One of the worst abuses is child labour. The issue was given particular publicity when TV reports showed children in India and Pakistan making footballs for British clubs such as Manchester United. Jordan acknowledged that countries such as India wanted to do something about it. 'Any country that can demonstrate that it has a programme for the long-term elimination of child labour has my backing,' he told me. 'Any government worth its salt wants to do something about it. And the Indian government is worth its salt. I would be the last person to take the only breadwinner out of a family if it meant starvation. But why should a child sit there sewing footballs when the mother or father could be doing it?' Jordan would like to see heavy fines imposed on anyone who employs someone under the age of 14.1

I asked Jordan if multinational corporations coming into developing countries were pushing up wage rates and poaching the most skilled workers, making it harder for local companies to compete. 'That is inevitable,' he replied. But he asserted that, 'If a successful company lands in India, you've got a gift. You should look over its wall as often as you can. And that is what is happening. Those people who supply it will learn techniques by being a supplier. This is the practical way of learning.'

This was hardly the voice of militant trade unionism. Jordan, who was President of Britain's engineering workers before becoming head of the ICFTU, compared the situation in the developing countries with that of Britain's welcome to Japanese inward investment: 'They came not just with money and jobs; what they brought were fantastically improved working techniques, more efficient ways of working; the art of good management.'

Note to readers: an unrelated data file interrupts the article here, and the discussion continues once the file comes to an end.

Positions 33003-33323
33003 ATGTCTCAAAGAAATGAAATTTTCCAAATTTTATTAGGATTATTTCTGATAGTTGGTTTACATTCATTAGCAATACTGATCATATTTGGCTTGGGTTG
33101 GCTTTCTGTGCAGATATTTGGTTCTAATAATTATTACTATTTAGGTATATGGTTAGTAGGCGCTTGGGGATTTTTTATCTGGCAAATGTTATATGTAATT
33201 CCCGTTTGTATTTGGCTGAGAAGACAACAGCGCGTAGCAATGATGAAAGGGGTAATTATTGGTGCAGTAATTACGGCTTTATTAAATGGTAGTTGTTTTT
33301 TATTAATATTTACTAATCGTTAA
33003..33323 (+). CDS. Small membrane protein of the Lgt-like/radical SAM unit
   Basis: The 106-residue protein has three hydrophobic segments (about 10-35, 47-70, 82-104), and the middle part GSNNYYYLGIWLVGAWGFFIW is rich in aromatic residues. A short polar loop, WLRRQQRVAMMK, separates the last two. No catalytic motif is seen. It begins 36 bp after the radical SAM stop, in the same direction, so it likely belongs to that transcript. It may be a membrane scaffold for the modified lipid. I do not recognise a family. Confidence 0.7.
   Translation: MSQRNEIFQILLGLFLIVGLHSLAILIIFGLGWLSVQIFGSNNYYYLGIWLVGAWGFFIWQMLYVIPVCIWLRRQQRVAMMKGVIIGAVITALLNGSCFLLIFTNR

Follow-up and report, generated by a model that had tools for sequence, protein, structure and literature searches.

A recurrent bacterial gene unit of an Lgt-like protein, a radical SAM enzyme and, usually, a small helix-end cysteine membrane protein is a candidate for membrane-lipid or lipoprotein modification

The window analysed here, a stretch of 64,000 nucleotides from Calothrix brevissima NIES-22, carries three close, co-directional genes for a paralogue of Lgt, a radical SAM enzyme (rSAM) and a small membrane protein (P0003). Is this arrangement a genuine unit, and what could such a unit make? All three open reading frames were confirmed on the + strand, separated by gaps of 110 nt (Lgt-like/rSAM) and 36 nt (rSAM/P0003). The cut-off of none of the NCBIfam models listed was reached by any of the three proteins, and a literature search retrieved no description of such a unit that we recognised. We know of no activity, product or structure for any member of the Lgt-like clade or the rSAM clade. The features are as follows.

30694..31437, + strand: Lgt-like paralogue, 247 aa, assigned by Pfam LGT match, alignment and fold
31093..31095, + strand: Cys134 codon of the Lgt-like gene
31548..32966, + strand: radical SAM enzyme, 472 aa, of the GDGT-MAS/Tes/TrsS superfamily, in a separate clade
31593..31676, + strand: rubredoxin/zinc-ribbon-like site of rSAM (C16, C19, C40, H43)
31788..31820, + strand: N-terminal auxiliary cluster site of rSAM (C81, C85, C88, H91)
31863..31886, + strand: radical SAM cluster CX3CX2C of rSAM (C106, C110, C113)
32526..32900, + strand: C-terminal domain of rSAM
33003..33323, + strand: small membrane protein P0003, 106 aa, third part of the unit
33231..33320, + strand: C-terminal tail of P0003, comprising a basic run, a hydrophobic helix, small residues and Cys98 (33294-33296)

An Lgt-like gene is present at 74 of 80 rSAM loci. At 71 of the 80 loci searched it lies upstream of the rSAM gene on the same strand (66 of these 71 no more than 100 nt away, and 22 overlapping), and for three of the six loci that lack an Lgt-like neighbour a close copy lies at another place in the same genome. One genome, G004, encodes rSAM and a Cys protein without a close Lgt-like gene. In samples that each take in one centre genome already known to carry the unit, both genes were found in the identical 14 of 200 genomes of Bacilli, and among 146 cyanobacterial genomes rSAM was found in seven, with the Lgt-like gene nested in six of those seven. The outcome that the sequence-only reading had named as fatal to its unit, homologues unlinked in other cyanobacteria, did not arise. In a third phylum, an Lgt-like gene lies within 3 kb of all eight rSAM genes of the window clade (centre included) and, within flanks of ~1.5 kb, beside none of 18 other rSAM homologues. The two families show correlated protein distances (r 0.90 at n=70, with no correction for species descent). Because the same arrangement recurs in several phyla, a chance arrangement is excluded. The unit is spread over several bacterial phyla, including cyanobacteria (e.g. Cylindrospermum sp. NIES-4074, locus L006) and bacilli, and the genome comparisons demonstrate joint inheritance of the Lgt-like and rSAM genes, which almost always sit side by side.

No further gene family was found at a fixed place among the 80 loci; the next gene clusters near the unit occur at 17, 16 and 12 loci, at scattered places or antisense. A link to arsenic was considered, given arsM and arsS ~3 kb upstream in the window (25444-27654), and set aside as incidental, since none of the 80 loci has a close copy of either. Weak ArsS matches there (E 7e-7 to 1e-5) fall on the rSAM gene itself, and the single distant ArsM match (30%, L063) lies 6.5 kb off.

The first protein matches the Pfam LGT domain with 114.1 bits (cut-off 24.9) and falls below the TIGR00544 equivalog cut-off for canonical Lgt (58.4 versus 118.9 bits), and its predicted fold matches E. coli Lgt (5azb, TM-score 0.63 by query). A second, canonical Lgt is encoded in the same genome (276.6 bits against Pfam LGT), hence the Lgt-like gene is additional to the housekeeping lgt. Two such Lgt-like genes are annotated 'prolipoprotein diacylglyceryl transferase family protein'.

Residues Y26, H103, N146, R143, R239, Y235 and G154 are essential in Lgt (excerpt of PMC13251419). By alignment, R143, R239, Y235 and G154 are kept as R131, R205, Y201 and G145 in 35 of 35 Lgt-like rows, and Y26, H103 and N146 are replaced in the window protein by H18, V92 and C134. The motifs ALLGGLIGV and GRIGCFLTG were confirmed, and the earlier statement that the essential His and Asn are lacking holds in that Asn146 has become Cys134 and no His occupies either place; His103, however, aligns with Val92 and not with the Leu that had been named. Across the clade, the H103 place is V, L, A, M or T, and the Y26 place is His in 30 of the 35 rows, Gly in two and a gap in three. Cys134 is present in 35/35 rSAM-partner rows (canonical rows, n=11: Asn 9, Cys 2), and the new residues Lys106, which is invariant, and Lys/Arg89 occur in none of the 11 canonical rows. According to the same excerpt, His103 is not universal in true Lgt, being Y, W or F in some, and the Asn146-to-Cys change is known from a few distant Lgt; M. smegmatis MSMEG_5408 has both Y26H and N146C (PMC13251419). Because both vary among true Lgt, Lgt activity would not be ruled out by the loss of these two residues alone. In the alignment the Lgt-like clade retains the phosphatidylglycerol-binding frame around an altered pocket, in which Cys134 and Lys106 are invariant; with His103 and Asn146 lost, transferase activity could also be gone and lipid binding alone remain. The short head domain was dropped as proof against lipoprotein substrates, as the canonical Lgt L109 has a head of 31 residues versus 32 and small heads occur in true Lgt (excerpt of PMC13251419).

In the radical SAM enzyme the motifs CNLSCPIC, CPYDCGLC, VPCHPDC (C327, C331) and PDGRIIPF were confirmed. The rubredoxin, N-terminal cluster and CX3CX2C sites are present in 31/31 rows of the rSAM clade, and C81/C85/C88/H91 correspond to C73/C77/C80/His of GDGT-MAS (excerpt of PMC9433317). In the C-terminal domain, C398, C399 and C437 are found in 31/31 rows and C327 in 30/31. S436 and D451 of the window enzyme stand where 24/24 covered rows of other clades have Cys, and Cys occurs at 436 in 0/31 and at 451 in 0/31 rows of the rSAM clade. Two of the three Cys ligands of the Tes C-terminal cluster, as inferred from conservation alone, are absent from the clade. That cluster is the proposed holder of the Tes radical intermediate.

In his speech to the conference in Switzerland, Jordan called for 'a bedrock of human rights at the workplace' to be implemented by all member countries of the World Trade Organization. Core standards were needed to tackle the evils of child, forced and bonded labour, and to ensure freedom of association and collective bargaining. There should also be a tax on currency speculation, at a time when 'a relatively small group of unaccountable people can trigger the movement of billions of dollars across the world, and yet be unaccountable for the social consequences of their actions'.2

Concluding his speech, Jordan said: 'Whatever ideology or direction the world chooses to take, it must not lose its values, its standards. Although there is a difficult path ahead, not even the colossal forces of globalization are a match for the collective power of individuals to defend social values and justice. That power, that strength, is in the heart and hand of every decent person we meet. Let's use it. Let's change the world.'

1. In 1999 the International Labour Organization, under its new Director General, Juan Somavia, passed Convention 182 for the eradication of the worst forms of child labour, which involves 250 million children worldwide.

2. A 0.25 per cent tax on currency transactions, the proposed Tobin Tax named after economist James Tobin, would raise five times what the developing countries receive in aid, according to War on Want.